Monday, March 18th (Science and Social Studies) Day 2

Tuesday, March 19th (Science and Social Studies)  Day 1

For our rising 9th graders… (Our Eagles will be Bulldogs soon!)

In preparation for the transition to high school, GHS is hosting a rising 9th grade parent information night on Tuesday, March 5th at 6:30pm in the GMS/GHS auditorium.  Information on class registration, graduation requirements and credits, extra-curricular opportunities, and high school policies will be covered.  Please join Mrs. Hartley, 9th grade counselor, and Mr. Newman, GHS principal for this important meeting.

One WAY COOL Bulldog!

Former GMS Eagle, Nathan Adams, signed his National Letter of Intent to attend Eastern Michigan University on a full scholarship to play football! GO, NATHAN!!!

“He has done well both in class and on the field. Nathan is a great example of the hard working students here in Goochland,” said Patrick Gordon, GMS Math teacher and GHS football coach.

Calling ALL Eagles…!!!

GMS is holding a Rising 6th Grade Meeting and 6th-8th Grade Curriculum Fair!

When: Thursday, March 7, 2013

Time: 6:30pm in the auditorium for the Rising 6th Grade Meeting

7:00pm throughout the entire GMS building for the Curriculum Fair

Why? to obtain information about GMS 6th grade expectations, tour the building, and to talk to teachers about our curriculum from core classes to our brand new Career and Technical Education (CTE) classes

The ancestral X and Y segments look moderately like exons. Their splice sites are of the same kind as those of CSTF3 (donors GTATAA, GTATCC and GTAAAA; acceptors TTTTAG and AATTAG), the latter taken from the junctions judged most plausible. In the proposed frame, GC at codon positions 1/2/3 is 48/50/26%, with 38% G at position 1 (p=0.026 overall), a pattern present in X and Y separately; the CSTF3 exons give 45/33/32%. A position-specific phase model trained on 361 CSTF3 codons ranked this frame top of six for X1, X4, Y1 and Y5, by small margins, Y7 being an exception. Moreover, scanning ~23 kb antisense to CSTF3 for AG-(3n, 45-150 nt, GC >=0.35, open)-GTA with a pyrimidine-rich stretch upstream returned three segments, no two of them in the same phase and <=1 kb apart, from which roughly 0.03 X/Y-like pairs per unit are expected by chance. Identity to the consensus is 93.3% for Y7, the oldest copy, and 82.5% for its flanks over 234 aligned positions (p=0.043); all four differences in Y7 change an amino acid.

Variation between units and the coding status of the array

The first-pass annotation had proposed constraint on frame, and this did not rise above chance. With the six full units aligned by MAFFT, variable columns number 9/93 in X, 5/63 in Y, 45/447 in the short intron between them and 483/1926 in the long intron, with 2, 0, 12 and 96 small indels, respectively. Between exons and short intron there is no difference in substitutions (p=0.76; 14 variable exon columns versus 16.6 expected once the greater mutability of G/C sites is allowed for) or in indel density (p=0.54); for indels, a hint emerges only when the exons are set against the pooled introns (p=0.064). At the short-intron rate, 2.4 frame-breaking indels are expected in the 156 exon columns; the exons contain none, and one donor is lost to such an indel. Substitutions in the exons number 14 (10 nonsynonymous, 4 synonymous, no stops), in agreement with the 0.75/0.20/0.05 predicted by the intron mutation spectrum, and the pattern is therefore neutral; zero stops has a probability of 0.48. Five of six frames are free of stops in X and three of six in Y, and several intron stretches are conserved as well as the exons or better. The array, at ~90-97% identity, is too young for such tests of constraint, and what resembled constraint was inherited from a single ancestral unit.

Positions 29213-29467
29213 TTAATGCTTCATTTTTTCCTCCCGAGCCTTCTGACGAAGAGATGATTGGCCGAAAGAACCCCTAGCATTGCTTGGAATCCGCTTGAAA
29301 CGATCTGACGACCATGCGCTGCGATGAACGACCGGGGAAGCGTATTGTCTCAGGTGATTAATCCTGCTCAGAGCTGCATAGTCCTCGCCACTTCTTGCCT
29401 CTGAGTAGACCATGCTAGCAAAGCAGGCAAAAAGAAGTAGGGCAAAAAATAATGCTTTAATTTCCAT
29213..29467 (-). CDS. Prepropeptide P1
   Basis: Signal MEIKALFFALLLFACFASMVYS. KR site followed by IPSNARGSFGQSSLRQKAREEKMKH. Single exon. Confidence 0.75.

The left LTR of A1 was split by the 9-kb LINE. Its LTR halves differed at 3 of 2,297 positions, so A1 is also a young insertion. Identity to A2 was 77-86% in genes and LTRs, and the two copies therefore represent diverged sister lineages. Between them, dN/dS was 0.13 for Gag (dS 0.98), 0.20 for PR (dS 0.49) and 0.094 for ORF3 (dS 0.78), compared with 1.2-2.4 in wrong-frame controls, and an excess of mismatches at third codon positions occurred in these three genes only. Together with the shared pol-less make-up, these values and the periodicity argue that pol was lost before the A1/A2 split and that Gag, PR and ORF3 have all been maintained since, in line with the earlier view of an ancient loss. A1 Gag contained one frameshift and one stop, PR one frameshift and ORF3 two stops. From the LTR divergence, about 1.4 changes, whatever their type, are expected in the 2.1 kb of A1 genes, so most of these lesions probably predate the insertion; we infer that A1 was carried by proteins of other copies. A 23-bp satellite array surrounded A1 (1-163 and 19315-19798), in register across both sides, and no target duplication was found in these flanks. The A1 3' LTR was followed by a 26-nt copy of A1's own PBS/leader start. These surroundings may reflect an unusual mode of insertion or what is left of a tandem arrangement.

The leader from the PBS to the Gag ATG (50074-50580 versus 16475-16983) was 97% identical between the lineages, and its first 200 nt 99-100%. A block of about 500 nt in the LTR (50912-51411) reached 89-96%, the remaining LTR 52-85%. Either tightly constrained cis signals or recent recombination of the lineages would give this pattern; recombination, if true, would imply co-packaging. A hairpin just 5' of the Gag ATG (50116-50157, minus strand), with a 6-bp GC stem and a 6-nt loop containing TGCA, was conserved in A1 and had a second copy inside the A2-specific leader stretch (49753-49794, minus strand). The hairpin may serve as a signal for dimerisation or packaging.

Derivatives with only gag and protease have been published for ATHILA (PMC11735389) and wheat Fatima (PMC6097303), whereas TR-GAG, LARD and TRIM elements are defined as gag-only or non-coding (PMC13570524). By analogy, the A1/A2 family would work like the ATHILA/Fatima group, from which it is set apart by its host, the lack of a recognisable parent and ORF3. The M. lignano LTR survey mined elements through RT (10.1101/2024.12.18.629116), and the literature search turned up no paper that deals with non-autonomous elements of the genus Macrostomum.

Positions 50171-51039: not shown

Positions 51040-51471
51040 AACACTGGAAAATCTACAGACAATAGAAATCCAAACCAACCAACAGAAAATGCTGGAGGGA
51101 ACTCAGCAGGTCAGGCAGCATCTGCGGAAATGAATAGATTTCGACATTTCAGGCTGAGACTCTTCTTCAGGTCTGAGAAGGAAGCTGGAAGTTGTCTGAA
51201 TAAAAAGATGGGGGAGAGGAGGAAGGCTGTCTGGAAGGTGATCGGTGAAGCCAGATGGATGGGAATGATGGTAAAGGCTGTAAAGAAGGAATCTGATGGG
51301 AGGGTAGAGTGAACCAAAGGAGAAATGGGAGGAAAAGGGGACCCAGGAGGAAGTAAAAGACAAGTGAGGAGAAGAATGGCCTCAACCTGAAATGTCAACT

Mark your calendars and see you then!

Peer Presentations: How Can We Make Them More Meaningful?

As I wander in and out of classrooms, I am always thrilled to stumble upon student presentations. I enjoy this time and I think the students do, too, as they often want to present AGAIN if I enter AFTER they’ve already presented. (I just LOVE that!!)

One thing I’ve noticed, however, is that the “audience” is sitting idle in some classrooms I’ve visited during student presentations. Sometimes the audience members need to be quieted and other times they are just plain doing nothing.

And I wonder… Why is it that they are permitted to do nothing? Isn’t a student presentation a learning experience for all?

I taught high school for ten years and during that time, hundreds of students presented to me. In the early years, my idle students did nothing except lose points for not listening, be reprimanded for being inattentive, and/or continue to be shushed. This does nothing to aid in learning or even foster accountability!

As I progressed from a green newbie to a ripened veteran, I revised my teaching practice and student expectations. The major theme I kept in mind was ENGAGEMENT! I mean…for goodness sakes, I expected my students to be attentive and engaged when I was speaking, so why shouldn’t they be attentive and engaged when their peers were?

Engagement is KEY to learning. What have YOU learned while DISengaged?

Below are online resources geared to student presentations. Try giving the rubrics to your students so that they may grade their peers during presentations.

  1. Planning Student Presentations
  2. Rubrics for Grading Student Presentations
  3. Presentation Rubric

Along with the rubrics (or standing alone), you might want to have your students perform the following during peer presentations. The tasks below are easy and take minimal effort on your part!:

  1. Fill out the Presentation Target.
  2. Write a brief summary of the presentation.
  3. Draw a picture that symbolizes the presentation.
  4. Create 5 quiz questions about the presentation.
  5. Explain how the presentation relates to the classroom objective.

Got Closure?

Not only should you begin your lesson by sharing an objective with your students, you should end your lesson revisiting that objective with your students. In essence, wrapping up a lesson is a MUST!